The FieldReveal and AgWorks strategic partnership allows us to give each other’s customers a broader portfolio, which quickly and effectively meets their needs. When a customer chooses our platforms, it is all about their success in growing their customers market offerings through state-of-the-art software packages.
As the population grows and usable land decreases, the world requires precision ag solutions to meet demand for food and fiber. Valley has been The Leader in Precision Irrigation® since we founded the entire center pivot industry, helping growers optimize yields while using fewer water and energy resources.
Apeel raises $250m Series E to expand supply networks, fund tech acquisitions, AFN, by Louisa Burwood-Taylor
Apeel’s core technology is a plant-based ‘peel’ that can be applied to the surface of fresh produce to maintain its freshness for longer. The company says the tech combines materials “already found in the skins, peels, and seeds of all fruits and vegetables.”
But the company is also expanding its technology portfolio further into the digital realm. Earlier this year, it announced its first acquisition: ImpactVision, a hyperspectral imaging company that can determine ripeness, nutritional content, and other indicators of quality and shelf life in fruit and vegetables by looking inside them.
Sound Agriculture closes $45m late stage round led by Leaps by Bayer, AFN, by Louisa Burwood-Taylor
Sound Agriculture will use the funding to to boost sales and marketing capabilities around its crop input Source and its on-demand plant breeding service.
The Emeryville, California-based startup launched Source in 2019 to enhance the performance of traditional fertilizers. Used on around 300,000 acres, Source can both increase yields and reduce nitrogen usage by up to 50 pounds per acre – roughly 30%, according to CEO Adam Litle.
Considering nitrogen costs have increased by as much as 70% in the past year, adopting Source could result in serious savings for farmers, who see at least half of their overall spend go to fertilizers, he said.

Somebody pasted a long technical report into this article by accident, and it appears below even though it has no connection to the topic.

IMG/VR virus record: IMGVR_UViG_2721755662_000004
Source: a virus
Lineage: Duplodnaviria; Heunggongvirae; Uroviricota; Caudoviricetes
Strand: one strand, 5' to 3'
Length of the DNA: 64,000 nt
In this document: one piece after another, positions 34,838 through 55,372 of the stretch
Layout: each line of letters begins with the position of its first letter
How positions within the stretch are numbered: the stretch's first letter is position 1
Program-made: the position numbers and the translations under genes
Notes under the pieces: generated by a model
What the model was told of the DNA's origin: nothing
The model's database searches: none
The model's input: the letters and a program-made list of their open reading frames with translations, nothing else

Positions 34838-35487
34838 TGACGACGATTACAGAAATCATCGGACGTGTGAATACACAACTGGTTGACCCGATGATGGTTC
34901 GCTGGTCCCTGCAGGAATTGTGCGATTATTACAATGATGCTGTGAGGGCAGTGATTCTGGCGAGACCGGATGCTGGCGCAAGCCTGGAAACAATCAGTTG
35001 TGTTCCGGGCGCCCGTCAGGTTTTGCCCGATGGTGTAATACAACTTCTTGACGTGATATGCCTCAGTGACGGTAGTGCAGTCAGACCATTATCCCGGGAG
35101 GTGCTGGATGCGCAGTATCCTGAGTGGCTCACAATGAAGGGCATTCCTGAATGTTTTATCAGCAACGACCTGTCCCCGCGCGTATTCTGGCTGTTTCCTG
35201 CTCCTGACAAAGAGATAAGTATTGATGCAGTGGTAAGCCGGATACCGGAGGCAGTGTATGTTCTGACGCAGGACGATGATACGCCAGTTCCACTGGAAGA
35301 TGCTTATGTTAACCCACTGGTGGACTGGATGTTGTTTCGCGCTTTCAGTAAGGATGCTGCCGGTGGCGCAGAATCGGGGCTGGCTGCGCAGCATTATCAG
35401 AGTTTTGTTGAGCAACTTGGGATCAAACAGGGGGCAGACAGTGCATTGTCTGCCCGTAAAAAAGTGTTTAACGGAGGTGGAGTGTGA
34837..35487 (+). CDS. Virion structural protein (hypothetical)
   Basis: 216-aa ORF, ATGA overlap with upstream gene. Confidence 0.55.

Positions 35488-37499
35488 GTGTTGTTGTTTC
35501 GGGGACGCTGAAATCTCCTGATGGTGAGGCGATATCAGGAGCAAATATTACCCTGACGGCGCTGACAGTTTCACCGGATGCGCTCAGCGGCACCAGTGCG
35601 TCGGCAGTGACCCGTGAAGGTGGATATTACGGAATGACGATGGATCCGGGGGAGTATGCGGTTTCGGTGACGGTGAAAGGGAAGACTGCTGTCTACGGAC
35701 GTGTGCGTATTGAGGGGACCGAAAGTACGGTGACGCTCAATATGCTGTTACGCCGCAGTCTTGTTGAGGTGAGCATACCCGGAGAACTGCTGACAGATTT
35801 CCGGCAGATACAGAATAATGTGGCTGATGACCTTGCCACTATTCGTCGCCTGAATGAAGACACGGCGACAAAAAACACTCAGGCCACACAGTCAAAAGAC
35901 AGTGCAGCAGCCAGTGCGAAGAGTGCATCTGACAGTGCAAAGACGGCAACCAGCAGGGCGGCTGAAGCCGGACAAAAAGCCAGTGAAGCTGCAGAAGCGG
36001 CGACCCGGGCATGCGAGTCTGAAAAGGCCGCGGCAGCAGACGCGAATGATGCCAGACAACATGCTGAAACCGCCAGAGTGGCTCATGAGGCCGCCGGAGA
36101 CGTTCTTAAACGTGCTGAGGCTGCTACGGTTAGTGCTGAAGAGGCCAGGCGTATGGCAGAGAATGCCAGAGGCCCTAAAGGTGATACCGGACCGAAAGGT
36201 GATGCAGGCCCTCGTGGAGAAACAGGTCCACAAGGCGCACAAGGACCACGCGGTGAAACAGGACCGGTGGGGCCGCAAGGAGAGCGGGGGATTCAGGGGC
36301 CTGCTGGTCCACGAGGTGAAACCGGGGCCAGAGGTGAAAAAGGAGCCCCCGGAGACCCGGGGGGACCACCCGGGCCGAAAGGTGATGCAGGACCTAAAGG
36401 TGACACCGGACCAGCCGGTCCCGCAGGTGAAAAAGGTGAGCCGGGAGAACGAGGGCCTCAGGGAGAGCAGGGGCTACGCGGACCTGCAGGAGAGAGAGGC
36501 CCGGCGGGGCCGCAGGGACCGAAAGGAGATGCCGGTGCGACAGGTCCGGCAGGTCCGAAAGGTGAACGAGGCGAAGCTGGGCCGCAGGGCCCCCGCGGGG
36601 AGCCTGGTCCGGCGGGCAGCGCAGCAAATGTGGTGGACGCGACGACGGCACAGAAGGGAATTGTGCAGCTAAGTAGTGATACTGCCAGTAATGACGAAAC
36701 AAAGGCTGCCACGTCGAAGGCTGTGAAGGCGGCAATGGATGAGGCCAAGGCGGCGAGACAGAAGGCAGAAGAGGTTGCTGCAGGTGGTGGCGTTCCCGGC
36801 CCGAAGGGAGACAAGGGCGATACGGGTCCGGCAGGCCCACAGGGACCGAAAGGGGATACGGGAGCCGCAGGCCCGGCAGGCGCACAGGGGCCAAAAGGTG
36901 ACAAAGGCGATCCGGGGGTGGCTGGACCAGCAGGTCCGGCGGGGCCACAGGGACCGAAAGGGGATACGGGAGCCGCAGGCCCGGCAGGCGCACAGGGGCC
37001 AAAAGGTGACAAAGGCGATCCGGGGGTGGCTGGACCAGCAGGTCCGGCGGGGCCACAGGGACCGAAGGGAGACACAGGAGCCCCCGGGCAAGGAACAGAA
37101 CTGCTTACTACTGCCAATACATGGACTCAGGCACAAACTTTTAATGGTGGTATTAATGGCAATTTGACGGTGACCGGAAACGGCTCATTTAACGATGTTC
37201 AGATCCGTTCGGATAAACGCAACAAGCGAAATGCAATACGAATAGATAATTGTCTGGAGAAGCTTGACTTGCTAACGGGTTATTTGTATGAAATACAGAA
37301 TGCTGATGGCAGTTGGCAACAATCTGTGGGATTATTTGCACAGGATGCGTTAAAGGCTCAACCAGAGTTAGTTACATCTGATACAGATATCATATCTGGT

Nothing is more responsible for the good old days than a bad memory: Gardeuse d'oies, 1902, par Luigi Chialiva, Musée d'Orsay, Paris
Cargill, Microsoft join $17m round for carbon verification platform Regrow, AFN, by Jack Ellis
Regrow was formed in February this year following the merger of Australian crop science company FluroSat and US soil health startup Dagan.
The Durham, New Hampshire-based firm claims its MRV platform is “the first and only” such system that allows stakeholders across the emerging ag carbon credits industry to create, and cash in on, carbon strategies. It does this by enabling transparent reporting, historical analysis, and forward-looking projections of carbon sequestration and emissions reductions, with the hope of removing “the most critical challenges standing in the way of ubiquitous adoption of regenerative agriculture practices.”
Regrow “supports delivery of programs initiated by sellers or buyers to the growers, as well as supporting grower decision-making in choosing which practice to adopt by showing them the potential for outcomes and payments,” says CEO Anastasia Volkova, who describes the platform as “the first independent, objective turnkey system” for agriculture.